A new variant of SpyEye that targets Android devices has been detected.

According to Trusteer, ‘DriodOS/Spitmo' is "virtually undetectable" and has shifted its delivery and infection methods. Amit Klein, CTO at Trusteer, said it infects devices when users download a rogue mandatory security measure. He said this is disguised as an Android application that claims to protect the phone's SMS messages from being intercepted and the user against fraud.

“Once the user clicks on ‘set the application', they are given further instructions to walk them though downloading and installing the application,” Klein explained. “To complete the installation, the user is instructed to dial a number; this is intercepted by the Android malware and an activation code is presented, to be submitted later to the website. Besides concealing the true nature of the application, this ‘activation code' does not serve any legitimate purpose.”

Amit said: “This attack is yet to gain momentum, but that's just a matter of time. This is a very real early warning and I'm pretty sure it's only just started. What makes all of this so scary is that the application is not visible on the device's dashboard, making it virtually undetectable, so users are not aware of its presence and will struggle to get rid of it.”

Symantec first discovered SpyEye in February 2010 and classified it as a Trojan "that may steal information from the compromised computer" and that specifically affects the Windows OS. Symantec said the SpyEye toolkit is similar to Zeus in that it contains a builder module for creating the Trojan bot executable with a configuration file, and a web control panel for command and control of a botnet.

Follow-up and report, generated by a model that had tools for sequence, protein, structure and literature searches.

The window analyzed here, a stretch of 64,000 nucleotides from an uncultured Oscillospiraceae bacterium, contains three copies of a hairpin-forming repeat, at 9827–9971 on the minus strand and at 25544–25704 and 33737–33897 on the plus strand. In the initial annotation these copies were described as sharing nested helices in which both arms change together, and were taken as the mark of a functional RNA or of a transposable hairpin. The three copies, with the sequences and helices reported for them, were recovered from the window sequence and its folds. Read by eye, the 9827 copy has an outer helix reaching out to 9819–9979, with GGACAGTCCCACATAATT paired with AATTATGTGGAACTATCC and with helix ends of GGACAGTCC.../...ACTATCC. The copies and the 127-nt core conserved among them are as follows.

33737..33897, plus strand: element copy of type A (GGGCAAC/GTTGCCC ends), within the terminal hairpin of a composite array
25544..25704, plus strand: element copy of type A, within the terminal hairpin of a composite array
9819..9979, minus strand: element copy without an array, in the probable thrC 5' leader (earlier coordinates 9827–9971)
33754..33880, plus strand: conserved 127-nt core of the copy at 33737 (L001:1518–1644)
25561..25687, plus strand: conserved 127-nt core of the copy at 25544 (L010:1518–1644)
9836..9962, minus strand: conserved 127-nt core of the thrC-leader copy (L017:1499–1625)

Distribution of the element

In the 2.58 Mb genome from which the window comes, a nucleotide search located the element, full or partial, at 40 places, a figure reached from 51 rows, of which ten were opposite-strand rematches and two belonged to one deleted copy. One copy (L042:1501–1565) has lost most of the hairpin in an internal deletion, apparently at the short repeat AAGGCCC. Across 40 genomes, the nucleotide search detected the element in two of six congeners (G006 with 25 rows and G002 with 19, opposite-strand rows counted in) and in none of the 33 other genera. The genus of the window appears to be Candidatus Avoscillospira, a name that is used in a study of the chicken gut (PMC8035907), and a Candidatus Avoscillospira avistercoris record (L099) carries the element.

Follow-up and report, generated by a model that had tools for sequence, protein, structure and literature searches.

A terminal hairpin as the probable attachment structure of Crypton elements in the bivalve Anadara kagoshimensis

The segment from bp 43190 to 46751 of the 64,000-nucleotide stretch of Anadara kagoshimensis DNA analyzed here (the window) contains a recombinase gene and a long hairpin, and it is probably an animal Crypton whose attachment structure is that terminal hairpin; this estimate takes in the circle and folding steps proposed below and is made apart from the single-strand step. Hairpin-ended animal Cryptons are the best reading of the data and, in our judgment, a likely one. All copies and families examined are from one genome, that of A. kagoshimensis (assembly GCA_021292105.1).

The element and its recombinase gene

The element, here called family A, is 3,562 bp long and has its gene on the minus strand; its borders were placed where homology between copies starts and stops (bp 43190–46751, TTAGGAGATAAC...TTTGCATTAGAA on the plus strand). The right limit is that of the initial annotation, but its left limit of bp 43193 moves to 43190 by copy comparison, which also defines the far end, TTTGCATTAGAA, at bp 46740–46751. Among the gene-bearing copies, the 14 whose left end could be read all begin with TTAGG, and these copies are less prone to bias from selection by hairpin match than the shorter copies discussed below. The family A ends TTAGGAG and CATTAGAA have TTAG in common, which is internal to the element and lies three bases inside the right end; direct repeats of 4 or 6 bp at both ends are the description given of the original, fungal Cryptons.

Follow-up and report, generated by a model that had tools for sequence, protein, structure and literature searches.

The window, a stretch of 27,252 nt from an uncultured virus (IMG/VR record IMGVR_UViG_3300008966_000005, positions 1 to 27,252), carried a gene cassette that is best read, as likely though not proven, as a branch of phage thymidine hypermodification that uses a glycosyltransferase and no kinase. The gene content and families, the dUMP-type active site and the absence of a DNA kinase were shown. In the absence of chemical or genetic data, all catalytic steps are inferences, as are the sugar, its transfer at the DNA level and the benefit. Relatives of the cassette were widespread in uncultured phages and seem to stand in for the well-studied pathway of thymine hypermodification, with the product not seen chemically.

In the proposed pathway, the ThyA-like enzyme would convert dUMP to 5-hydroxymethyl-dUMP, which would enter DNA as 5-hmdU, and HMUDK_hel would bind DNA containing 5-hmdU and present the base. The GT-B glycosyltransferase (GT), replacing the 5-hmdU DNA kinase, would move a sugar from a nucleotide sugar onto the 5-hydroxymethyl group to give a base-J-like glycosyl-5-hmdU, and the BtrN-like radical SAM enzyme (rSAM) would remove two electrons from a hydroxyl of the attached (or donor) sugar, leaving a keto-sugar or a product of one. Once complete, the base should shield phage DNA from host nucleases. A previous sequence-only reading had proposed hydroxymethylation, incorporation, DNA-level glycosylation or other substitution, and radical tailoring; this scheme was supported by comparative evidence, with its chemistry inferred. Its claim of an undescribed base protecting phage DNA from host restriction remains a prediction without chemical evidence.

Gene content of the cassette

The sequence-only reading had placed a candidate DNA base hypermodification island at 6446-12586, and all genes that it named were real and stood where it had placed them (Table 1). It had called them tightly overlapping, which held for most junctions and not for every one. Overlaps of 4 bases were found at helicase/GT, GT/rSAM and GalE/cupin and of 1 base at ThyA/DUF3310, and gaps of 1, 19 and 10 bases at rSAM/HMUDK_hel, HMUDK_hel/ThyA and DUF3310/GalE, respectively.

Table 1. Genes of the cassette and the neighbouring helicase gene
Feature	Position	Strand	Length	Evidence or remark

Spitmo was initially detected by F-Secure in April when a variant was used in an attack against a European bank -  the Trojan added question fields to the bank's website, asking customers to enter their mobile phone number and the device's IMEI.

Sean Sullivan, security advisor at F-Secure, said: “Spitmo.A contains the malicious executable (sms.exe) and another installer, which contains an executable named SmsControl.exe. SmsControl.exe will just display the message ‘Die Seriennummer des Zertifikats: Ü88689-1299F' to fool the user into thinking that the installer was indeed a certificate.

“The name SmsControl.exe is quite a coincidence, as a variant of ZeusMitmo used the same name for the file containing the Trojan. Faking the Trojan to be a certificate is also a trick that ZeusMitmo has used. However, the code itself looks completely different than in ZeusMitmo.”

It was suspected last November that Zeus and SpyEye had merged, while Peter Kruse, partner and security specialist at CSIS Security Group, said in March that there was unconfirmed reports that the Zeus code had been sold to the creator of SpyEye.